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Model S as only car

Discussion in 'Model S' started by RamgeRover, Aug 24, 2016.

  1. RamgeRover

    RamgeRover Member

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    I wonder if having a new (2016) Model S as one's only car is viable? I know Tesla provides loaners for when your car is in the shop, but what if you are awaiting parts and the car is undriveable until they arrive? Do you get a loaner then? Probably not.

    I have heard that there are sometimes substantial waits for parts, which suggests that Model S owners probably need a backup car available.

    Any thoughts? Anyone with a Tesla as their only vehicle?

    Thanks.
     
  2. Saghost

    Saghost Active Member

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    I'm pretty sure you'll get a loaner if the car is undriveable while waiting for parts due to a warranty issue - just not for cosmetic issues (or accidents?)

    I sure hope so, anyway - if things go according to plan, after tomorrow a Model X will be my only car.
     
  3. msnow

    msnow Active Member

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    If it's undriveable you get a loaner.
     
  4. Barry

    Barry Member

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    Not if it's caused by a fender bender.

    I had planned on selling my 10 year old SUV. However, just before selling it, I was involved in a minor fender bender. The car was still drive-able, To the body shop 2 months later. It sat there for almost 3 months, waiting for backordered rivets from Tesla.

    Not only that, but a few months ago, on a Sunday morning, I had an irreparable flat tire. As the Service Centers are closed on Sundays, I couldn't get a loaner tire, and the local tire shops didn't have the MXM4 in stock. So nothing could be done until the next day.

    Sure, I could get a rental, but it's hassle.

    I am keeping my 10 year old SUV because continued ownership costs essentially nothing, and it gives me the peace of mind of having a backup. My insurance's second-car discount pretty much pays for the liability and comprehensive on it.
     
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  5. RamgeRover

    RamgeRover Member

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    Sounds like I'll be keeping my BMW 550i GT for a while, just to see how often I need it. If it turns out I do need a second car, I'll probably sell it and buy a used Leaf, since I really want to get away from ICE vehicles.

    Thanks for everyone's feedback. Saghost, enjoy your Model X. Awesome car!
     
  6. bob_p

    bob_p Member

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    I've had my P85 since early 2013 - and it has been the only car I've driven, except when it is in the shop.

    When Tesla has had the car in the service center, they usually provide a loaner Model S - and in a few cases, when they were short of loaners, they arranged for an ICE through Enterprise (and that hasn't happened for quite a while). I had one repair at Tesla that lasted about a week - and I believe they provided me a loaner Model S during that period.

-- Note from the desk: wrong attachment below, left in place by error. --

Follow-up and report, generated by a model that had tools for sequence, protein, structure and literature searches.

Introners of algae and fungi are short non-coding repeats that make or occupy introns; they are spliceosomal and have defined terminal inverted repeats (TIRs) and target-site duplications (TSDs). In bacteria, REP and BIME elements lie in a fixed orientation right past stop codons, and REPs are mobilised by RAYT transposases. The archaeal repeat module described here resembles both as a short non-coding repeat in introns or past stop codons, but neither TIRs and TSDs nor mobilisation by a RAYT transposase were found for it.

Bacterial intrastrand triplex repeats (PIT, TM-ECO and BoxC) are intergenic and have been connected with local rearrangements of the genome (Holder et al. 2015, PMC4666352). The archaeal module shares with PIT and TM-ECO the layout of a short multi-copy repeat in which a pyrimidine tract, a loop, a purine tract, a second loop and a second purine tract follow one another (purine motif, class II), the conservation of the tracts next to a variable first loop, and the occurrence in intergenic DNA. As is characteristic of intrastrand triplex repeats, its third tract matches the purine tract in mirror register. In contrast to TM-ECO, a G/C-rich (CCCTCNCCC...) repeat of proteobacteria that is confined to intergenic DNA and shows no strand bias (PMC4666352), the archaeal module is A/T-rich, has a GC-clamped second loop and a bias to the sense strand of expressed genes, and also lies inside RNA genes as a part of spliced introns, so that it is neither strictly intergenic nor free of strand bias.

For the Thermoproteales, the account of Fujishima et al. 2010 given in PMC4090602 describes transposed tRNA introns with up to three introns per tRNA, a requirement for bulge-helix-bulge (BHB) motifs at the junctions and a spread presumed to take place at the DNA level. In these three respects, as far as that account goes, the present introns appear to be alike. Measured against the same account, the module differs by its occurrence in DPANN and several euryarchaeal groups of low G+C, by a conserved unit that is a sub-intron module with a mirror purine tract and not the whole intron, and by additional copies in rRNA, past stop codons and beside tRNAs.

I have had my Model S in the body shop once (bad luck - was rear ended at a red stop light - twice within a 2 week period several years ago). And it took the body shop weeks to get the parts - and during that time I had a rental covered by insurance.

    Fortunately, our Tesla has required much less service overall than our ICE - usually only needing to go in every 6 months/6,000 miles to get the tires rotated (if needed) and once a year (12,000 miles) for actual service. And, if I can schedule those appointments far enough in advance, I've had pretty good luck in getting a loaner Model S to drive while mine is at the Service Center.
     
  7. msnow

    msnow Active Member

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    I don't think this is true. If your Tesla approved body shop is waiting on Tesla for parts you get a loner or rental.
     
  8. Barry

    Barry Member

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    I asked for a loaner and they initially denied it. They said they don't give loaners for body shop work. About 8 weeks later, after several phone calls to the SvC, complaining about he delay being Tesla's fault, and a snail mail letter to Elon (no response), they gave me a loaner. I had it for about 2 1/2 weeks out of the 3 months that the car was out of service, waiting for parts.
     
  9. msnow

    msnow Active Member

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    Interesting. Similar situation here where the body shop was waiting for paint from Tesla for 6-7 weeks had a free rental car for the entire time. Maybe different Service Centers treat it differently but I thought it was in our agreements.
     
  10. Vrrooom

    Vrrooom Member

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    Aside from the potential issue that may be caused by an accident, I don't see a reason to have an additional car. And even in the case of an accident, your insurance will generally cover at least 30 days. If it happens to be longer and you have to rent a car for a couple of weeks (if escalating any parts delays to Tesla doesn't get you a loaner), than I would imagine still cheaper than having a 2nd car. Think about the added car payment (and depreciation), insurance cost, maintenance, taxes, registration, etc.

    Other things can easily be safeguarded by a little thought. Get an 19" extra wheel/tire for a few hundred bucks if you want that level of added protection against flats. MOST road hazards won't leave you stranded on the spot if you're proactive about checking the health of your vehicle (check tires weekly for example). You can also carry a fix-a-flat kit as well. I have a quick nail removal and repair kit, TPMS approved slime, and a mini compressor in the car for those instances.

    Sure, anything can happen, but it can happen to any car. I don't see a reason why a Tesla is not a good only car compared to anything else on the road.